I’d like to take a moment and tell all the Chilean miners trapped in the bowels of the earth for two months just how much I admire their spirit and their ability to deal with adversity, including the lack of food until food began to reach them through the efforts of people above ground. I wrote this post before the miners began their journey to the surface. I imagine their idea of Paradise would be something entirely different at this point. But this is mine, what (I hope) would sustain me (in part) if I ever I sit in darkness for 20 days like they did, not knowing what my fate would be. I spent most of October 13 keeping those men and their families in my thoughts and prayers. And so I dedicate this post to those 33 ordinary men who survived extraordinary events. The saints and prophets tell us, enjoy the moment, live in the now. Eating is one way to be present to the moment, and that is why I discourage multitasking while eating!
A day in a French market. For me, that’s like bellying up to Paradise.
If you’re like me, and most food lovers, France still exudes a sort of mysterious aura, an inexplicable pull no matter how much you adore Chicken Tika or how many avant garde pizzas comprise your kitchen repertoire.
But first, I’d better confess something.
Once upon a time, even though I owned both volumes of Julia’s Mastering the Art of French Cooking, French food still represented nothing but snobbery incarnated. Until I actually stepped on French soil, that is.
How could I not love a cuisine that featured croissants with little bits of chocolate nestled inside, like butterflies nesting in a cocoon? How could I keep ignoring a cuisine that seemed to demand the freshest food possible, not just because nobody’s apartment boasted a refrigerator (and if it did, that fridge could do double duty in a Playskool kitchen), but because people really cared about what they ate?
Truth be told, I felt like Alice in Wonderland when I first discovered the real food of France. With my first bite of an Opera (cake-like confection sold in most patisseries or pastry shops), I went to a place in my being where I knew I’d never be the same again. Remember that scene in the film “Julie & Julia,” where Julia tastes her first bit of sole fried in butter? I identified completely with Julia at that moment.
And so, when I go to France (and I don’t often enough), I walk through the open-air markets (which, on this last trip in September, I thought might be diminishing in importance, usurped by supermarkets like Franprix and Inter Marché) and I press my nose up against the windows of bakeries and stare through the glass at some of the most beautiful art in the world and I take pictures of food that I can’t cook, because I don’t always have a kitchen at hand.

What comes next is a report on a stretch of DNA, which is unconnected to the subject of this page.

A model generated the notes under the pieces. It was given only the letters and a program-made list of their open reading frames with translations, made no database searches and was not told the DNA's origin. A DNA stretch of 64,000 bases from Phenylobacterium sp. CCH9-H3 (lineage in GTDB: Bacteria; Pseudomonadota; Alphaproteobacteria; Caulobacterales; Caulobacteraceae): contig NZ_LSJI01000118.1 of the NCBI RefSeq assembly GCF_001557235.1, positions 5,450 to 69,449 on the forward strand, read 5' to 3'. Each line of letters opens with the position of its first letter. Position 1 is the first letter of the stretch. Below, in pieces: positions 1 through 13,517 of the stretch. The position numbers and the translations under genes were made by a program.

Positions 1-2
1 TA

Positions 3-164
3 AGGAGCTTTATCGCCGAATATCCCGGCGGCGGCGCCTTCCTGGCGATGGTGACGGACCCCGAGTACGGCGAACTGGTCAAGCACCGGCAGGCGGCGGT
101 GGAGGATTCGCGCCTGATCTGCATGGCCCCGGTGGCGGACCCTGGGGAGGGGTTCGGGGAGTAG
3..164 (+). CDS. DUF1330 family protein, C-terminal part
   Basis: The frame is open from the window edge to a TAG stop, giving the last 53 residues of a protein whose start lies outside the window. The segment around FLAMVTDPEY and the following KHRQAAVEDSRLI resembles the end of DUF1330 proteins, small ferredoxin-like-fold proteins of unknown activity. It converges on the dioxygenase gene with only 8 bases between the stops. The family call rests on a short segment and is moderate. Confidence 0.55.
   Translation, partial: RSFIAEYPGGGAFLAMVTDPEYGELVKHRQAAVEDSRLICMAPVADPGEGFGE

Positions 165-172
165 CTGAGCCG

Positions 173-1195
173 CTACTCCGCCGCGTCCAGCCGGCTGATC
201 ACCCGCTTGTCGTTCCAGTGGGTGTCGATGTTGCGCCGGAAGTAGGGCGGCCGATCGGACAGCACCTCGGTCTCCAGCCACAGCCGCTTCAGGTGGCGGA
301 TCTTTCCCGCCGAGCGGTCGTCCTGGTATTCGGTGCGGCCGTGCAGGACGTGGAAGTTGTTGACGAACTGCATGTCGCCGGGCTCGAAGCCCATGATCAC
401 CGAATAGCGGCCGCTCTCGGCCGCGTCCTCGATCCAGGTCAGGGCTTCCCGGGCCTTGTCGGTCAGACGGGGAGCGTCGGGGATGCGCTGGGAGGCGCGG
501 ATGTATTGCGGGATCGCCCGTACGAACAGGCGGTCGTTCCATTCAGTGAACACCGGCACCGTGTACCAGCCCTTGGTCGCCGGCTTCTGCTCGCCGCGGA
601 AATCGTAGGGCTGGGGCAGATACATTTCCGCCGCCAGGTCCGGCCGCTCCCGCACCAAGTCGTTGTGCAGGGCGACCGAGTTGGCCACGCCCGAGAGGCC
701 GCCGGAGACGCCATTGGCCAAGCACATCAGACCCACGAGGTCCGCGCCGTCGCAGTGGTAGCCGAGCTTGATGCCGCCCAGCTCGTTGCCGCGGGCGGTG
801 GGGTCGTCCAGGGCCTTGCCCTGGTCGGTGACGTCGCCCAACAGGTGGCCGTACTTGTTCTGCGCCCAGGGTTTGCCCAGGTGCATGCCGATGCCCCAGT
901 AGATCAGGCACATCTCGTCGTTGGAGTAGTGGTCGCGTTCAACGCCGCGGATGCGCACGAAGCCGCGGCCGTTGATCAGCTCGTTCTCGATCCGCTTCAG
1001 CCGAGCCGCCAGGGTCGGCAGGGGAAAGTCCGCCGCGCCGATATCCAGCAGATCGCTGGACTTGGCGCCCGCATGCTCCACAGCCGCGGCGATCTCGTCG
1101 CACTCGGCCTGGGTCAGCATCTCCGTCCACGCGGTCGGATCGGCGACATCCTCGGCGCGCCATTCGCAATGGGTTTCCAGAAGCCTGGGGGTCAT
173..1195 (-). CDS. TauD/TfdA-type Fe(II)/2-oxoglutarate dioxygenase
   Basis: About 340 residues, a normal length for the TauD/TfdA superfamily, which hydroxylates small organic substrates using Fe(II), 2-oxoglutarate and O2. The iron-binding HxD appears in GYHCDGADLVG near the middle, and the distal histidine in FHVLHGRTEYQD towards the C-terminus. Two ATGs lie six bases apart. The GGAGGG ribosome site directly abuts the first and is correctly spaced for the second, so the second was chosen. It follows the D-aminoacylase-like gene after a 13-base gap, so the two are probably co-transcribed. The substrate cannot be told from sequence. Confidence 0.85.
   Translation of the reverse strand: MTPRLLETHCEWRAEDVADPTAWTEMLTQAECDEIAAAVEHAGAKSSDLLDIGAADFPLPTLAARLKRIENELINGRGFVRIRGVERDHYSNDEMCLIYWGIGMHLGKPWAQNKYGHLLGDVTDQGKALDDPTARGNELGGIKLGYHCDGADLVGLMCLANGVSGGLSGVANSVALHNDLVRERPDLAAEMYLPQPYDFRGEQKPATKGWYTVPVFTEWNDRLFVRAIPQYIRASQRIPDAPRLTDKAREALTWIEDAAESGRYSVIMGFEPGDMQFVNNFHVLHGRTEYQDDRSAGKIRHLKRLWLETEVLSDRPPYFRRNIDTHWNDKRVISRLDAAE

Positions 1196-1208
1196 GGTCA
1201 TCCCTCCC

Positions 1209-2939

The following pictures represent several paradisiacal days in France.
For more on French markets, and a Cheese Soup recipe:
Markets of Paris: Food , Antiques, Artisanal Crafts, Books & More, by Ruthanne Dixon Long and Alison Harris Long (2006)
“Open-Air Markets, Vanishing Communities” [previous G & T post]
This soup is a lot like fondue, thinner, but quite satisfying on a crisp fall night with plenty of toasted bread.
1/4 pound Gruyère
1/2 yellow onion, finely diced
4 T. unsalted butter
3 T. flour
2 cups chicken stock
1 cup heavy cream
1 cup dry white, fruity wine like a dry Riesling (Fendant if possible)
White pepper and sea salt to taste
Bacon, fried crisp, and sliced green onions, for garnish, or chopped parsley
Cut the cheese into 1/2-inch cubes. Set aside. Sauté the onion in the butter until translucent in a heavy-bottomed pot over medium-high heat. Stir in the chicken stock and the cream. When just about bubbling, add the wine. Heat to boiling. Stir in the cheese cubes and stir gently with a wooden spoon until cheese melts; do not whisk. Season with white pepper and salt. You may make some large croutons and serve the soup poured over the croutons. Garnish the soup with some crisp bacon, cut into matchstick size.
© 2010 C. Bertelsen, text and photos